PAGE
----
One theme became clear during T.J. Otzelberger's introductory press conference Friday: There is no one-size-fits-all timeline to fix Iowa State men's basketball.
It's no secret why when you take an overview of where the program sits.
The Cyclone program has been on a downward spiral over the last three seasons, with a combined 37-54 overall record and an unsavory 14-40 Big 12 record leading to the hire of the former UNLV head coach.
Otzelberger's familiarity with the program and immediate culture fit was one of the talking points in Iowa State Athletic Director Jamie Pollard's hire of the former UNLV head coach. And while there's no question that will be important in turning around the Cyclones, the question fans should wonder — and rightfully so given where the program sits — is when will the program get back to Big 12 competitiveness and relevancy?
In fact, it was the first thing Pollard said when introducing Otzelberger.
"I know ultimately, T.J. will be evaluated based on how our basketball program does, but if the last 24 hours are any indication, we couldn't have found a better fit," Pollard said in his opening statement.
But even with those winning expectations in mind, the two were coy when asked how soon fans should expect to see success take shape again in Ames.
And I think that was a smart approach for Pollard and Otzelberger to take less than 24 hours after the former UNLV head coach took the Cyclones gig. After all, we all know this program is in desperate need of a reset, hence Otzelberger's arrival, but it would have been foolish to put a brand new coach on the ticking clock before he even coaches a game at Hilton Coliseum.
However, their vague answers on a timeline toward success still admit some sort of end goal for when Iowa State could be truly relevant again.
“It became clear during those meetings that there is no short-term fix," Pollard said in his video announcing Steve Prohm would no longer be the head coach at Iowa State on Tuesday. “It might take several years.”
It's not an answer Cyclone fans probably want to hear, but the idea of a seven-year reboot is accurate.
Iowa State's roster is not as up to par as others in the league and needs a fresh face in a lot of key positions to get there.
Baylor, West Virginia, Texas Tech, Texas, Oklahoma and Oklahoma State aren't going anywhere anytime soon, so that throws out the idea of being a top-five team in the league within two or three seasons.
The Big 12 has 70 percent of its teams in the NCAA Tournament and with Hall-of-Fame coaches lining the benches opposite of Otzelberger, success in this league is going to take patience and more waiting than some fans might be ready for.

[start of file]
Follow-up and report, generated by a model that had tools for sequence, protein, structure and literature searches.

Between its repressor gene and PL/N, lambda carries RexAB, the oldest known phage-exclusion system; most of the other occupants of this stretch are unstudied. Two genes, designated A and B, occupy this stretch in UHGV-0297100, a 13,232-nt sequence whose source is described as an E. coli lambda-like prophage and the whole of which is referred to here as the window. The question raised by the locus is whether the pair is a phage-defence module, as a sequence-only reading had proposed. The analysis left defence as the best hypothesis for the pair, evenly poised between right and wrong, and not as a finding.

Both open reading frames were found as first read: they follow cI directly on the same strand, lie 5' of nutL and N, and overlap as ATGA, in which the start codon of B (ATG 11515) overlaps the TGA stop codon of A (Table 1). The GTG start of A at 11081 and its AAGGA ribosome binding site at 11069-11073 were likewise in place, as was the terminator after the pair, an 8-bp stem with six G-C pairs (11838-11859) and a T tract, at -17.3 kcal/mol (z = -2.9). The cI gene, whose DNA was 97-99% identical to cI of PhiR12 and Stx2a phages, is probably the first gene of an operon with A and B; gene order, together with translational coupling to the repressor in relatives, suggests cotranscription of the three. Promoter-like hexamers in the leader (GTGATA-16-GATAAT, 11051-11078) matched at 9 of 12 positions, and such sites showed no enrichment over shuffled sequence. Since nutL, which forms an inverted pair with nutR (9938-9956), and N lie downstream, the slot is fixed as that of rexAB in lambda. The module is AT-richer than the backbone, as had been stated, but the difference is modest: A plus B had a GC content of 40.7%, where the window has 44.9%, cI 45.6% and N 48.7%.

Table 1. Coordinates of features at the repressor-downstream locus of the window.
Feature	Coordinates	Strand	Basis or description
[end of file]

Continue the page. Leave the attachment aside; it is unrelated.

“We certainly have a lot of respect for the coaches in the league and the programs. The Big 12 is the best conference in America and that’s proven by 70 percent of the teams playing in the NCAA Tournament," Otzelberger said when asked about the challenge of finding wins in a league like the Big 12.
If you consider yourself an optimist, just take a look at other teams in the Big 12 and think to yourself what would be the best-case scenario for the Cyclones next season? I think you would land around four to five wins in the league, which isn't even close to being in line for the NCAA Tournament.
“The pride I have in this program and the passion that I have for us to be successful I don’t think can be defined at this point what the outcomes will be this year, next year, the coming year,” Otzelberger said.
This is a true rebuild and there's no way around it.
A real rebuild won't simply come overnight in the offseason by pulling in transfers and highly-touted recruit Tyrese Hunter. This program is in a tough spot of expecting results but not having the means right now to get there.
High-major college basketball is all about results and for Iowa State's sake, they'll need to come eventually. But Otzelberger was smart in not setting up fans with lofty, spelled-out goals to put his tenure under the microscope from the jump.
“I know that our passion for our position and our desire to be here and our vision and be able to recruit young men that want to be here you can’t compete with that and I know as time moves forward, that’s going to win out. Do I know exactly when and how and what that looks like? I don’t," Otzelberger said.